By my rough estimation, my wife and I have made almost a million dollars since we began earning. However, from those earnings, we don’t have anything going into retirement, investments, or savings.
As we thought more about that, we realized that we had to do something about it.
Our daily reading and listening routine became less focused on making money and more focused on managing our money wisely to keep more of what we earn.
In the past few months, we’ve read hundreds of articles, listened to hours of podcast episodes, and put together a one-year, five-year, and ten-year plan.
Here is what’s helped us and we hope that it’ll help you.
This tip is the most obvious but often overlooked.
We became obsessed with tracking where our money was going. We started with the usual suspects — rent, car, utilities, and groceries.
It wasn’t initially apparent to us how much money we spent eating out, on recurring subscriptions, and other conveniences.
I seriously began laughing when I finished adding up all the money we had spent on coffee. Starbucks, Caribou, and Dun Brothers, over the last 12 months, added up to $511. 😱
Look at your bank statements for the last 6 or 12 months and find non-essentials you can cut out.
The wise people at MoneyWise Radio always say:
Your level of spending always rises to your level of earning, unless you object.
We looked back and realized that every time we’ve received a raise or somehow ended up with more money in our pocket, it wouldn’t be long till we upgraded our lifestyle in some way.
If it’s not going towards your health and wealth, resist the upgrades.
Experts say that if you lean to manage ten dollars effectively, you’ll have a better chance of handling large sums of money wisely. You don’t need piles of cash to practice sound money management principles.
Here are some of the things we’re doing to manage our money better and help our money work for us.
I’ll expand on these topics in future articles.
Living below your means, setting a strict budget, and learning to manage your money requires effort, hard work, and consistency. You need to be on your game and build better habits to make it sustainable over the long haul.
The last six months have been life-changing for me, primarily due to crucial habit changes:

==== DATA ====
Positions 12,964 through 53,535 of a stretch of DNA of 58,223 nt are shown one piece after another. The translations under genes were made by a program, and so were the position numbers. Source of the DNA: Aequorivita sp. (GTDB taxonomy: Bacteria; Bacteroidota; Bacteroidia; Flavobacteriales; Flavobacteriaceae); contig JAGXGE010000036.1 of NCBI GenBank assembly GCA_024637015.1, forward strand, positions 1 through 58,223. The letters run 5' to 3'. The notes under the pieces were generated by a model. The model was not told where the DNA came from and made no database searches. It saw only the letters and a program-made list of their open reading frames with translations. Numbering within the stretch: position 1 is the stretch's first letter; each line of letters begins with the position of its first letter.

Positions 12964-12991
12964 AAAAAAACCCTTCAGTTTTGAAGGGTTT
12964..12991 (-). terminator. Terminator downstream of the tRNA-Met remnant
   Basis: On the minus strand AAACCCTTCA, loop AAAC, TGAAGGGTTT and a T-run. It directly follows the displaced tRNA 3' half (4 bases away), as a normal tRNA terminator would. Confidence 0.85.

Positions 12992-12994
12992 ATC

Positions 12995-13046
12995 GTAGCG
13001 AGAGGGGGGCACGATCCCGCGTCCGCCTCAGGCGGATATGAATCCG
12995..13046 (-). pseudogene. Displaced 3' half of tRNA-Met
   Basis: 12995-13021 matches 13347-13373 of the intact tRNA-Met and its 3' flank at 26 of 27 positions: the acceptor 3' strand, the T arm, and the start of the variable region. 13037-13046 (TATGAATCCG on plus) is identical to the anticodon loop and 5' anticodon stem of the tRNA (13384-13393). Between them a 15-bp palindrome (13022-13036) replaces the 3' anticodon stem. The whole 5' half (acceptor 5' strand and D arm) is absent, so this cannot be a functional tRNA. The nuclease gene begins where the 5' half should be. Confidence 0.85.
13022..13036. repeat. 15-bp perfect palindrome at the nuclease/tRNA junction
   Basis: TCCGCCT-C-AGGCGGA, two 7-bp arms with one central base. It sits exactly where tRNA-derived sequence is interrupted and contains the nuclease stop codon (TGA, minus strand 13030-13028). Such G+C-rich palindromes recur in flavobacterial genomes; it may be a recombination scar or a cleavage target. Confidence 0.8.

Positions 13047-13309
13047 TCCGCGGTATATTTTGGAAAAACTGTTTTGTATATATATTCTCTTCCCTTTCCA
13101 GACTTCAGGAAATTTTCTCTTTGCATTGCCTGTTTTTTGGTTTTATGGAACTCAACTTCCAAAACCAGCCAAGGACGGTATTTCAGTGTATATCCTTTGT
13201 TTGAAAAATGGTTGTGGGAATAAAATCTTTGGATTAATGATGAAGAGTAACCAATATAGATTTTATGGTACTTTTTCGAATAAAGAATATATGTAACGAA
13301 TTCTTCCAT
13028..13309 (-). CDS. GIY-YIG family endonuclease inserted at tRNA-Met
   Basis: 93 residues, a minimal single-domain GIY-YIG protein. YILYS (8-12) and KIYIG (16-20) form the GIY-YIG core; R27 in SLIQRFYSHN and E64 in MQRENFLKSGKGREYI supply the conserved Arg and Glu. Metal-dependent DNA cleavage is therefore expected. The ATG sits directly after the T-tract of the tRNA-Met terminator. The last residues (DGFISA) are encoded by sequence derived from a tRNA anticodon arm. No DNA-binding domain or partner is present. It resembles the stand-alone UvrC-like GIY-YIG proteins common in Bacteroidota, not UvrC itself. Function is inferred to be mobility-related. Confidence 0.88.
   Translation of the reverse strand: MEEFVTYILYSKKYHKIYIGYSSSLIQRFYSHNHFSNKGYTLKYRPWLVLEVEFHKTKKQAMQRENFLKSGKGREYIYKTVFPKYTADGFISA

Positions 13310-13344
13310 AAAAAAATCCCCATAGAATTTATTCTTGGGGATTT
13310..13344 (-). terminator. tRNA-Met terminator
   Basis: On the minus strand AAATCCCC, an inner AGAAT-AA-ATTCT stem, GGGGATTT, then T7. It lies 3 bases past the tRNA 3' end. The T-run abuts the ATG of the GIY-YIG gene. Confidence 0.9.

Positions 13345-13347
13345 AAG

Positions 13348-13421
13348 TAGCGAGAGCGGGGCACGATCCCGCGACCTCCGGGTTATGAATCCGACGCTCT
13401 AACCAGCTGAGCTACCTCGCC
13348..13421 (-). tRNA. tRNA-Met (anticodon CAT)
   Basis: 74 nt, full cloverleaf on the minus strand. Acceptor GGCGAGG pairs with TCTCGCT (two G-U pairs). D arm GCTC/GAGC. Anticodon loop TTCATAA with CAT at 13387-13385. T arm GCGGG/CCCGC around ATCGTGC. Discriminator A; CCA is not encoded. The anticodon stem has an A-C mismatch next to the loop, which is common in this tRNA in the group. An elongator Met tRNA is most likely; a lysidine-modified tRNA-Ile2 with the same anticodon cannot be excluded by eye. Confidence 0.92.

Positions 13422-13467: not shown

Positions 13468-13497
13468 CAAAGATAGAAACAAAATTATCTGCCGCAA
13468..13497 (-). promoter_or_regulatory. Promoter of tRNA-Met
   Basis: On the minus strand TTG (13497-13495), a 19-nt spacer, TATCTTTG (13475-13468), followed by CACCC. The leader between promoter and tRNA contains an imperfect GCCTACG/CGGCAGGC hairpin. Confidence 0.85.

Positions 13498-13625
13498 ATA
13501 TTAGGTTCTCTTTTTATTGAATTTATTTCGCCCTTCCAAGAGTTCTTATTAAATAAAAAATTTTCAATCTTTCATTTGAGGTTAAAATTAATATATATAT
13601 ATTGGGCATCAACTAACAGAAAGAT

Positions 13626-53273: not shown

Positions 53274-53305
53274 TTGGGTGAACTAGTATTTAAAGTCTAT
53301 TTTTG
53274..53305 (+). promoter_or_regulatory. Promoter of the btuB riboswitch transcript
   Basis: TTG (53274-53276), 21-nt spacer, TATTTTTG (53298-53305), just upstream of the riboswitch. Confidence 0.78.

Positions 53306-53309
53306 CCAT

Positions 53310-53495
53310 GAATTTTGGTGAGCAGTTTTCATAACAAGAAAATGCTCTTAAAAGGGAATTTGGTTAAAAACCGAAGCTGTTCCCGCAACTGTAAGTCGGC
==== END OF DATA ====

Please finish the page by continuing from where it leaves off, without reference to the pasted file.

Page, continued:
I used to be super busy, stressed out, cranky, overweight (wip), dragging myself out of bed at 9 am, always thinking about what junk food I could eat for lunch/dinner.
My lifestyle had to change. I couldn’t just try to eat healthier; I had to become a healthy eater. I couldn’t just try to save money; I had to become a better money manager.
A critical change in mindset that has helped me build better habits is to enjoy the process and not focus only on the results. Make small, atomic changes that lead to more significant lifestyle improvements.
Going from a comfy lifestyle to one that prioritizes your future can be hard. You have to find good things that reward you now while staying the course for long-term success.
My wife and I are always competing to see who can spend the least on non-essentials and get rid of more things we don’t need.
Instead of buying new tech gadgets, I started to find ways to downsize my office.
My three year old loves playing our version of scavenger hunt. A game where I hide coins and give him clues till he finds them. The reward is that he gets to put it in his jar to save for a new toy for his birthday.
We got rid of Hulu, YouTube TV, and are about to get rid of Netflix. Since then, my wife and I began reading more and listening to more podcasts that help us stay on track.
What worked for me may not work for you, but if you get started now and focus on keeping more of the money you earn, you’ll force yourself to get creative and find your path to a healthier, wealthier you.
You can’t afford to pass on that.